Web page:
Studying the distant past in the Galapagos Islands

The Galápagos Islands are home to a tremendous diversity of plants and animals found nowhere else in the world. But why this is, and when it all began, remains something of an open question. Now scientists may have at least one more piece of the puzzle. According to a new study out today in the journal Earth and Planetary Science Letters, the geologic formation of one particular part of the archipelago–the part responsible for the huge biodiversity–formed, approximately 1.6 million years ago.

UNIST Researchers Turn Waste Gas into Road-Ready Diesel Fuel

Climate change is one of the most serious threats facing the world today. With the effectuation of the Paris Agreement, there has been a rising interest on carbon capture and utilization (CCU).A new study, led by Professor Jae Sung Lee of Energy and Chemical Engineering at UNIST uncovers new ways to make biofuel from carbon dioxide (CO2), the most troublesome greenhouse gas. In their paper published in the journal Applied Catalysis B: Environmental, the team presented direct CO2 conversion to liquid transportation fuels by reacting with renewable hydrogen (H2) generated by solar water splitting. 

30% of Global Electricity Already Prepping For Rapid Decarbonization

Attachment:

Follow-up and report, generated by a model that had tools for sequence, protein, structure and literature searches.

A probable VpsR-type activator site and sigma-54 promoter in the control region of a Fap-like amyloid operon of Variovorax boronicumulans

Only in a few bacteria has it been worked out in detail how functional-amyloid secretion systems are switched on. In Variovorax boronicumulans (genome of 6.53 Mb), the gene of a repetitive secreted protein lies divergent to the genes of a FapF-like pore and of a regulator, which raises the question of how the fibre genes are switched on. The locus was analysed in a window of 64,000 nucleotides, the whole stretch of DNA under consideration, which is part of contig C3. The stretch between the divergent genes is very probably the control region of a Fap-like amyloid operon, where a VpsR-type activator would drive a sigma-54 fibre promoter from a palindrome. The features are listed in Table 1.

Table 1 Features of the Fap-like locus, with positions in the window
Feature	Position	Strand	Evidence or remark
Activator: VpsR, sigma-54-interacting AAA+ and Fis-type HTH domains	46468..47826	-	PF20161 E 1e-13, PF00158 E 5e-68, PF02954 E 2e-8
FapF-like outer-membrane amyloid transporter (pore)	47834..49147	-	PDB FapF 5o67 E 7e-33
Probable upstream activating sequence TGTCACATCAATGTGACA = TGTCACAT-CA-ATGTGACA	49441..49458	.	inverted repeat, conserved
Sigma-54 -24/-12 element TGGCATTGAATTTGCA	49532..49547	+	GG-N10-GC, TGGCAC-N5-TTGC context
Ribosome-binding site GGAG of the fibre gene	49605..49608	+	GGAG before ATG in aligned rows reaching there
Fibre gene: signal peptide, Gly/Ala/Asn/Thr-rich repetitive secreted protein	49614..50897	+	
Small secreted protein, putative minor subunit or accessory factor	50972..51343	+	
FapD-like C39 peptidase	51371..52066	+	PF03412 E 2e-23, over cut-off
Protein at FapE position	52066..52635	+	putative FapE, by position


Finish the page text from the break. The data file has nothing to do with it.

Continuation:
A full 30 percent of the world’s electricity generation comes under the umbrella of just nine energy companies, and they have just joined forces to ramp up technology investments aimed at decarbonization. The global, collaborative effort was announced earlier this week by the companies’ nonprofit organization, the Global Sustainable Electricity Partnership.To be clear, the decarbonization announcement leaves plenty of wiggle room for “clean” coal and natural gas, at least in the near future. However, a look at the group’s sole U.S. member, American Electric Power, demonstrates that a Republican administration cannot stop the global transition to low and zero-carbon electricity.

Food and Energy Demand Drives 58 Percent Decline in Global Wildlife Populations

Global populations of vertebrates — mammals, birds, reptiles, amphibians, and fish — have declined by 58 percent between 1970 and 2012, states a new report from World Wildlife Fund (WWF). Animals living in the world’s lakes, rivers, and freshwater systems have experienced the most dramatic population declines, at 81 percent. Because of human activity, the report states that without immediate intervention global wildlife populations could drop two-thirds by 2020.

92% of the world's population exposed to unsafe levels of air pollution

A new WHO air quality model confirms that 92% of the world's population lives in places where air quality levels exceed WHO limits. Some 3 million deaths a year are linked to exposure to outdoor air pollution. Indoor air pollution can be just as deadly. In 2012, an estimated 6.5 million deaths (11.6% of all global deaths) were associated with indoor and outdoor air pollution together.